Historical Albion Michigan
By Frank Passic

Return to the Frank Passic
Home Page  

Return to the Albion Michigan Home Page

Any photos not otherwise credited are from the personal collection of Frank Passic, Albion Historian.

ORPHAN TRAIN, PART 3

Morning Star, May 22, 2005, pg. 3

Part 1, July 18 2004, and Part 2, July 25 2004

In the July 18 & 25, 2004 editions of this column we shared with our readers the “Orphan Train” saga about the two trains that stopped at Albion in the summer of 1857. On Labor Day weekend this past year yours truly attended the Orphan Train Re-enactment held in Dowagiac to commemorate the 150th anniversary of this phenomenon. While there, retiring Orphan Train Heritage Society founder Mary Ellen Johnson supplied me with her Michigan correspondence notes, which contained letters from several descendants of orphans that had been placed in Albion. We have followed up on these and have more information to share.

Concerning the story about Annie Kief whose name was changed here to Belle Brusie, her granddaughter Helen wrote the train her grandmother was on came to Albion in the 1880s. The children on that particular train were taught songs and poetry at the orphanage so they could put on programs at churches while they were being “looked over” by our town’s residents.

When the train stopped here in Albion on the Michigan Central Railroad, the children were taken to the Methodist Episcopal Church on E. Erie St. where they performed, and Annie was chosen by the Abram and Sarah (Phelps) Brusie family. Helen wrote, “She was never mistreated by the Brusies, but never was a real member of the family, either. She was already an expert seamstress. They allowed her to attend school for about two more years, but she was expected to be, in effect, another maid in the family and also do most of the sewing for Mrs. Brusie and her two daughters. She put in many an 18 hour day!” Helen went on to write that her grandmother returned to New England by adulthood where she married and raised a family, before moving back to Michigan in her retirement years.

I have corresponded with another descendant, Larry Bagley of Tucson, AZ about his grandfather James Bagley (1850-1911) who arrived on the OT here in Albion in early July 1857. James was originally placed with the prominent farmer Peter Mulvany of Marengo, according to the OT passenger list. He apparently had a hard time adapting to his new life, as James moved around a lot. For a time he temporarily lived with Mr. Stephen Blackhurst of Albion, and others here. In 1859 he was living in the “County Home” in Jackson, and elsewhere in the Jackson area. James eventually moved up north to Farwell in Clare County where he married in the 1870s. He then left for Osage County, Kansas in the 1880s where his sister Margaret and brother Charles had moved to. James was living in Hackett City, Arkansas by 1890, where he passed away on May 29, 1911.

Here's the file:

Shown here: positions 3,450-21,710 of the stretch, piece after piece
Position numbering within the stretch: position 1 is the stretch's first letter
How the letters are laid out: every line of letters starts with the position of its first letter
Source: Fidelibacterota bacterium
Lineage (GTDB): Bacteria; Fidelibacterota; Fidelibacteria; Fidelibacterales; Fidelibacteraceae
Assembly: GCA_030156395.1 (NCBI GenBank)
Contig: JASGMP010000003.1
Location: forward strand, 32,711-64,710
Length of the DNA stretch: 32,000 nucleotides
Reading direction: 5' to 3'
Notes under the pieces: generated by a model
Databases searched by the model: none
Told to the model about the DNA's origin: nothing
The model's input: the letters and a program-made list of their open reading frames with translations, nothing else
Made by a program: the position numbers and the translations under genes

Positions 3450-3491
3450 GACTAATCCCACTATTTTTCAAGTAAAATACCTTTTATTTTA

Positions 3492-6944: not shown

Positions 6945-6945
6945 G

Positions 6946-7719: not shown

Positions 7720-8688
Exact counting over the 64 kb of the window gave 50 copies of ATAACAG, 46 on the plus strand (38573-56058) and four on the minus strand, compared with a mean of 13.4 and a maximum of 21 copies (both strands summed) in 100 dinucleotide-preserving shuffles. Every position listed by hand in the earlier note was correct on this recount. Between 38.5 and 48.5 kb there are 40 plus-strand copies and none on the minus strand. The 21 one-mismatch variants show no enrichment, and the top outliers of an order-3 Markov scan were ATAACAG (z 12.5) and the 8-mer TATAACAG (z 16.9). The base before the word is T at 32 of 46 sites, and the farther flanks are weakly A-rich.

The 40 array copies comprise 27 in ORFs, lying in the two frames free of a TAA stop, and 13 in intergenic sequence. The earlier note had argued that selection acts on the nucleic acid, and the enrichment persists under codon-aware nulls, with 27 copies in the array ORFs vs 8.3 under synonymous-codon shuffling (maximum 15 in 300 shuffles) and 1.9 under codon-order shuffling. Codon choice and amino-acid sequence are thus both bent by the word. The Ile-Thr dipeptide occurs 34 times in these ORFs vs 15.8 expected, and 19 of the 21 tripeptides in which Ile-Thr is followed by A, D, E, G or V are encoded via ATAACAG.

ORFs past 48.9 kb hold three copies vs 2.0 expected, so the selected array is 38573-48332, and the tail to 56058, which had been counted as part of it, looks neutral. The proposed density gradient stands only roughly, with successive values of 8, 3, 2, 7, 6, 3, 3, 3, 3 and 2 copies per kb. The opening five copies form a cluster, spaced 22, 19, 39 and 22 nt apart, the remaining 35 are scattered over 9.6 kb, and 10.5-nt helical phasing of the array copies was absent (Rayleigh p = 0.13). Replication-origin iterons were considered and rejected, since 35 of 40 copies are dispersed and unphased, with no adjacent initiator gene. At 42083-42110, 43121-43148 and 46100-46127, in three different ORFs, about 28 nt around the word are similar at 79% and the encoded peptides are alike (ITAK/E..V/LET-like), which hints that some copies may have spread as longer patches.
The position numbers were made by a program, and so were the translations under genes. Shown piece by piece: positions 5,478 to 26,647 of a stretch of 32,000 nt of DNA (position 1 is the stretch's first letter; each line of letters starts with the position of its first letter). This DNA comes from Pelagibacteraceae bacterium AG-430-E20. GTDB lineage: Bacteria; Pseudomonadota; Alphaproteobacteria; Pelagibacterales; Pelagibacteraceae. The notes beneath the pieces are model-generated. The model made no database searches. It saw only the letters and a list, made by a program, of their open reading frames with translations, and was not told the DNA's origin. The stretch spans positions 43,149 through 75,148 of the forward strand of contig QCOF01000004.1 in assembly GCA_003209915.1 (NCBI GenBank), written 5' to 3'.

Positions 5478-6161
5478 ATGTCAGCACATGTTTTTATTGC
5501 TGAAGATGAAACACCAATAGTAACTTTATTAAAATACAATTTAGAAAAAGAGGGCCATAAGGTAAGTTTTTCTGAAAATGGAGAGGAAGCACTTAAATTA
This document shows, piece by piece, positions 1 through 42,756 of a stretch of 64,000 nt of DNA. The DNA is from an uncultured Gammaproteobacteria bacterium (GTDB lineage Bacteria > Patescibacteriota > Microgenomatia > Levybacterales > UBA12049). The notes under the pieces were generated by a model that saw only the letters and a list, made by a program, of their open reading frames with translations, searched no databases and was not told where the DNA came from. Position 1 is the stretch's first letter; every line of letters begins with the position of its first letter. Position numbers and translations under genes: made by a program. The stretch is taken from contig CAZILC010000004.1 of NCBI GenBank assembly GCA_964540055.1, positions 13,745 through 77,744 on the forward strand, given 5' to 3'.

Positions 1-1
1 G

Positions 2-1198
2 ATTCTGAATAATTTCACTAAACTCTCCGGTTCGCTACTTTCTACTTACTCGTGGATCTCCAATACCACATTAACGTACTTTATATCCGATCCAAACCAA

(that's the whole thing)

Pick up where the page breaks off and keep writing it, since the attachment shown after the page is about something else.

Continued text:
Larry Bagley corresponded with the Children’s Aid Society, who several years ago sent him a photocopy of their original June 30, 1857 OT 29-passenger list page that contains his grandfather’s name on it! The list gives the full name of the child, their age, their birth country, religion, who placed them (father, mother, or orphan) on the train, the name of the foster-parent who took them in, and the place the foster-parent was from. Most children on that list were placed in Albion. For example, a John Small, age 10, was placed with Burr Hall of Sheridan Township. There are also singular entries for Springport, Spring Arbor, Sandstone, Clarence, Eckford, Marengo, and Homer. Larry has supplied yours truly with a copy of this amazing document.

The Society had used a black felt pen to obliterate the last names of the children except for the Bagleys. But with the information obtained from correspondence, and some ingenuity from yours truly, we’ve been able to positively identify at least twelve of those riders and the people who took them in as foster-children.

From our Historical Notebook this week we present a photograph of James Bagley who was a member of the June 30, 1857 Orphan Train that stopped in Albion. Special thanks to Larry Bagley for his information and photograph for this week’s article.


James Bagley

Next: DECORATION DAY


Back to the Top of this Page

All text copyright, 2014 © all rights reserved Frank Passic

Did you enjoy this page?

If you've enjoyed learning about Albion history from this site, please write us a note in the Albion Guestbook. We hope you will take the time to share your interest and stories related to Albion history, especially if you have any ancestors from Albion, please let us know.

Learn more about Albion Michigan!
Visit the Albion home page.

Search the AlbionMich.com website

Albion History Articles

Historical Notebook  |  From the Archives  |  Subject List  |  100 Years Ago


Kept current by: Robin James

Indices Unlimited Indexing Services


And now a word from our sponsors

See prints of Albion Michigan , by Maggie LaNoue, the owner of the Albion Home Page.

Help to sponsor these web pages and this site.

Albion Design and Carlson Craft have worked together to offer an amazing selection of wedding invitations online. From invites, to rsvps, gifts and more, Carlson Craft has an outstanding 60 year history of creating wedding stationery packages designed to the personal tastes of each bride and groom. With their easy online ordering service and quick turn around, you will appreciate the ease of ordering and the prices also! You can order a sample card of any invitation to see the quality, and proof the wording of the invitations online.
View wedding invitations online: Design.carlsoncraft.com

wedding invitations michigan